The DUP has said it will “examine any proposal” for gay and bisexual men convicted of now-abolished sexual offences in Northern Ireland to receive posthumous pardons.
The UK government announced this week as amendment to the law in England and Wales, which will see deceased people who were convicted of sexual acts that are no longer deemed criminal receive an automatic pardon.
It follows the pardoning of World War Two code-breaker Alan Turing for gross indecency in 2013.
However, the move will not apply to Northern Ireland, as it is a devolved matter.
A spokesman for the DUP said the party “recognises the historical hurt that such convictions impose on many gay and bisexual men”.
He added: “DUP MPs supported the campaign in Parliament to grant a pardon to Alan Turing. The party will examine any proposal to offer such pardons locally within Northern Ireland.”
Meanwhile, Justice Minister Claire Sugden has been urged to bring the legislation in the Province in line with that of England and Wales.
Ulster Unionist Councillor Jeff Dudgeon said an extension of the pardon to NI would bring “justice and fairness” to those gay and bisexual men “who suffered for decades”.
He added: “The Northern Ireland Office must ensure that this goes into the Policing and Crime Bill and that a Legislative Consent Motion is sought from the Assembly.”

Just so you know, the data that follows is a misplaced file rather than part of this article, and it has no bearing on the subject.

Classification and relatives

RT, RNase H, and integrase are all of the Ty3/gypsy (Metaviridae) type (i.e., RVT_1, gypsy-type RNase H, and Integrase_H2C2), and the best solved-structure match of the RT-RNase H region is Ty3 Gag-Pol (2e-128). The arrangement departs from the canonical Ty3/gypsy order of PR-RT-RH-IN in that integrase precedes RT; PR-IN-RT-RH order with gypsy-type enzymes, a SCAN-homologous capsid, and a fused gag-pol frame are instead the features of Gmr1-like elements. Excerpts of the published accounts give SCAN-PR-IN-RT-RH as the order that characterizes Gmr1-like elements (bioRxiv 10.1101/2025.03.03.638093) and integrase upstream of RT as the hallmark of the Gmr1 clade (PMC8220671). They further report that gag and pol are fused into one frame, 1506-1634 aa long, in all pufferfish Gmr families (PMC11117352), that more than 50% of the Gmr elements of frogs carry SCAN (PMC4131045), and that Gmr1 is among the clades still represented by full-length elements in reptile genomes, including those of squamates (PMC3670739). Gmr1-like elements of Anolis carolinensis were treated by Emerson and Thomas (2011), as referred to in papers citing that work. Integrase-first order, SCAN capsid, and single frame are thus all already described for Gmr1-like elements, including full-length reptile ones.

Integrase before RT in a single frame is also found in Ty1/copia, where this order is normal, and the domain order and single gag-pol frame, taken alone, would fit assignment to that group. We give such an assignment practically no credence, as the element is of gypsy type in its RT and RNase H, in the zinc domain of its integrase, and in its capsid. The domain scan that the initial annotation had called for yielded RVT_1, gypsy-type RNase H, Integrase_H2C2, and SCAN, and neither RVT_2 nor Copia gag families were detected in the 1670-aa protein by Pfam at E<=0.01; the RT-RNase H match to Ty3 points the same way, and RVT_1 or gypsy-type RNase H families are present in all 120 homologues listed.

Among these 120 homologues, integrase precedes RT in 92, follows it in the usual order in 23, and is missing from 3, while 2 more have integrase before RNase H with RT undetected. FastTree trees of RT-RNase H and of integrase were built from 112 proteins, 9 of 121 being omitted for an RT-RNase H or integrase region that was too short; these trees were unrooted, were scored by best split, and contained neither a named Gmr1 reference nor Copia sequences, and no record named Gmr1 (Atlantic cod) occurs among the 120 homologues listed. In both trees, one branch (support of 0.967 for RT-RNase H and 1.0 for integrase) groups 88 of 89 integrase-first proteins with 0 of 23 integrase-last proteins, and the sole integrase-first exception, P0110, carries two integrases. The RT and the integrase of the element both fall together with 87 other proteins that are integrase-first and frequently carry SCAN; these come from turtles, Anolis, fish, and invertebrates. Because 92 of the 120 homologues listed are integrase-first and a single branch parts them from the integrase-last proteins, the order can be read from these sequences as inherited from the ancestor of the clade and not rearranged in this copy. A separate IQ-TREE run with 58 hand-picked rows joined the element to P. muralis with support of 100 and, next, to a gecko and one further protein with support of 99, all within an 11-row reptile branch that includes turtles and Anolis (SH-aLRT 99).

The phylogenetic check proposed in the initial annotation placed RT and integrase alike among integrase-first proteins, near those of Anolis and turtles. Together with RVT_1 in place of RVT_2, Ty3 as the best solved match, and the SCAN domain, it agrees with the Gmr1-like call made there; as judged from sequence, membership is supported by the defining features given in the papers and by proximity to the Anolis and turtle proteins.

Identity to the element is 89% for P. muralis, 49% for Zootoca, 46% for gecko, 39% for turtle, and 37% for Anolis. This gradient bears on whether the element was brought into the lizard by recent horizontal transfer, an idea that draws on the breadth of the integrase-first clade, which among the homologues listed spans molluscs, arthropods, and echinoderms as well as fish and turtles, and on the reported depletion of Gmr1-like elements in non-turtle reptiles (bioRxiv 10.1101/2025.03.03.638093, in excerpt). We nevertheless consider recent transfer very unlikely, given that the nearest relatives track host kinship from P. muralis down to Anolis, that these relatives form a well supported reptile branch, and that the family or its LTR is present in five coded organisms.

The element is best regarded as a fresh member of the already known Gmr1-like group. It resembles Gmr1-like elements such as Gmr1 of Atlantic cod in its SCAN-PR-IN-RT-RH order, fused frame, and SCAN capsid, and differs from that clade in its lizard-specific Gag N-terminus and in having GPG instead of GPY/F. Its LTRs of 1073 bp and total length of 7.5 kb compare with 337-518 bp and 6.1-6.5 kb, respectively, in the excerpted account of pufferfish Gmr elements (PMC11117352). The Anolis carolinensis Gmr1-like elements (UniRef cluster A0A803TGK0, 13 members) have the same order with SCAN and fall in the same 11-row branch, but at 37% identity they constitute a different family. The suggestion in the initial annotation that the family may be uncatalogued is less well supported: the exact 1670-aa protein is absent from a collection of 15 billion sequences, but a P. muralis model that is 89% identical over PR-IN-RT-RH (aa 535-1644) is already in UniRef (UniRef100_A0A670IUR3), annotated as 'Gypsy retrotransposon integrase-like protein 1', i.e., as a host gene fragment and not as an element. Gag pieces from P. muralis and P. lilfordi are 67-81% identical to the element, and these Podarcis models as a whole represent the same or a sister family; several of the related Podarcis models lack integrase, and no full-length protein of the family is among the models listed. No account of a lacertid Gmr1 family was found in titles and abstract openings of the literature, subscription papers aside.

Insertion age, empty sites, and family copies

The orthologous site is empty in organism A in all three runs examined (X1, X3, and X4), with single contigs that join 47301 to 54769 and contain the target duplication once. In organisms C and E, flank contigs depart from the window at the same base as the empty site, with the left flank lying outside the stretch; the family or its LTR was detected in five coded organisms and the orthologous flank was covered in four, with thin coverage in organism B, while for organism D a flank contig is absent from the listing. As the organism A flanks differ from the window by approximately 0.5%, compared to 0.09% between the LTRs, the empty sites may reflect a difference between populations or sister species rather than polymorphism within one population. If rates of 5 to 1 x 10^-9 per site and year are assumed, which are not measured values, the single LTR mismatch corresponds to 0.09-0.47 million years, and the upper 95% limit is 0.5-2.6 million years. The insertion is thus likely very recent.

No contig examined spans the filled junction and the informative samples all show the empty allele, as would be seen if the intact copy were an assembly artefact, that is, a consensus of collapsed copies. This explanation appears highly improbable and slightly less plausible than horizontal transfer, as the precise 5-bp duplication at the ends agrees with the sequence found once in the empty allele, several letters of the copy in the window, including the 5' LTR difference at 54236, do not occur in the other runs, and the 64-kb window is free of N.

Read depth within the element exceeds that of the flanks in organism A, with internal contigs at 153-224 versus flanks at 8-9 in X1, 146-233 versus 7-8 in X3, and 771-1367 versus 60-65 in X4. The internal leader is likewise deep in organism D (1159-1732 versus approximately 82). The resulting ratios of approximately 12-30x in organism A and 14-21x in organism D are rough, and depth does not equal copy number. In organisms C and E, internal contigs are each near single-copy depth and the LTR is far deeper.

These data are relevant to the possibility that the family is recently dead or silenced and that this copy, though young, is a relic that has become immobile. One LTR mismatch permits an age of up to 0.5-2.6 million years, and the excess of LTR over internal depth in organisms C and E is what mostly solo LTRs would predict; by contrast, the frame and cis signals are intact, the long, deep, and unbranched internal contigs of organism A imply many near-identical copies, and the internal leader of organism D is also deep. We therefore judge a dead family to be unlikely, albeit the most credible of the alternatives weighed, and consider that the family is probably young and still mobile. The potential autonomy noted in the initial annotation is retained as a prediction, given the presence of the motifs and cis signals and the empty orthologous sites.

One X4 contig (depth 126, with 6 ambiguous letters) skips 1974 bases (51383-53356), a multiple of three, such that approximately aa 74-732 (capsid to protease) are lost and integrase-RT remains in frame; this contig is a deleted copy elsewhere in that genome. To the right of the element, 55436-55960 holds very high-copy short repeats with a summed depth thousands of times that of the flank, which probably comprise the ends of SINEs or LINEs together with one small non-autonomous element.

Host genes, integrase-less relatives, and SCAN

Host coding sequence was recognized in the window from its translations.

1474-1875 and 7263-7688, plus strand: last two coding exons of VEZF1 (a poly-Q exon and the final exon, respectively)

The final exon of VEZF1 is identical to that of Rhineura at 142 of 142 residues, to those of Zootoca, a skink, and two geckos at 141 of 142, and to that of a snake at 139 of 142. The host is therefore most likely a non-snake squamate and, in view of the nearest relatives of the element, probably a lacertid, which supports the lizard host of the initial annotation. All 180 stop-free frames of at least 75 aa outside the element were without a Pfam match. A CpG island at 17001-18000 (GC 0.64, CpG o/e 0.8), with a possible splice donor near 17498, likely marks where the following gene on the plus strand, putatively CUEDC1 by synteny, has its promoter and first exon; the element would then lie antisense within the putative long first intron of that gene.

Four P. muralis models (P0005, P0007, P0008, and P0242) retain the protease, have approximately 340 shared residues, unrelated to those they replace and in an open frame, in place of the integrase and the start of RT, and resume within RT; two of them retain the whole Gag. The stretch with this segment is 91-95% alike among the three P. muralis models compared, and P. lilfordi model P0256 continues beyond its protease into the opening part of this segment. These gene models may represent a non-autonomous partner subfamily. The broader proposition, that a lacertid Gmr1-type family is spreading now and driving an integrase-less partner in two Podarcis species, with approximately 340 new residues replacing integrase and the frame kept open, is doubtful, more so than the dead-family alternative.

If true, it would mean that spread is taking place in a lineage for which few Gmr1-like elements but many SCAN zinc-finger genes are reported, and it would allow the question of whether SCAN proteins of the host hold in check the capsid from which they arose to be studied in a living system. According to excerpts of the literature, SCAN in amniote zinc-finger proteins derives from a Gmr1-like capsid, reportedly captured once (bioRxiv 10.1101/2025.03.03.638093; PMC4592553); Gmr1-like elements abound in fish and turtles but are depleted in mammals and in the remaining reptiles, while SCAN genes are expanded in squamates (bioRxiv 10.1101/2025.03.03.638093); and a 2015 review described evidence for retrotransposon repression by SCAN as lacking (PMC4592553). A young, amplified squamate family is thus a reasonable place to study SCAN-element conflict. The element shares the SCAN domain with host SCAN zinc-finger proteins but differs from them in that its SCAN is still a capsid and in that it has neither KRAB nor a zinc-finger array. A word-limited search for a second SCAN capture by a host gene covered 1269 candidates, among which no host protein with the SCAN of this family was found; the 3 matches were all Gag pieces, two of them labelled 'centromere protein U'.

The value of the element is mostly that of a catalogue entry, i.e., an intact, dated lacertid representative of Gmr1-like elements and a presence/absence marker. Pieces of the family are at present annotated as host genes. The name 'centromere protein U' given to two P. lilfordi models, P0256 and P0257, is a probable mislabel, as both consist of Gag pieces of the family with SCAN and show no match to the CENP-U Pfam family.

Describing the measure in England and Wales as “a welcome start to redressing this wrong”, Sinn Féin MLA Sean Lynch added: “I will be contacting the Justice Minister to see the rights and entitlement of our LGBT community are upheld.”
Acting Alliance leader Naomi Long also hopes the reforms will be replicated locally, adding: “I have tabled an urgent question to the Justice Minister, as well as writing to UK Government Minister Sam Gyimah and Secretary of State James Brokenshire, to ask how they will ensure the pardon of those convicted when homosexuality was illegal will be extended here.”
SDLP Alex Attwood MLA said it was “unacceptable” that NI continued to “lag behind” when it comes to LGBT rights.
“The prosecution of predominantly men for engaging in consensual same-sex relationships was wrong,” he added. “The British state has recognised this and have sought to address it. We must now do the same.”
A Department of Justice spokesperson said: “The Minister will consider this issue when forming policy priorities for the legislative programme in the current mandate.”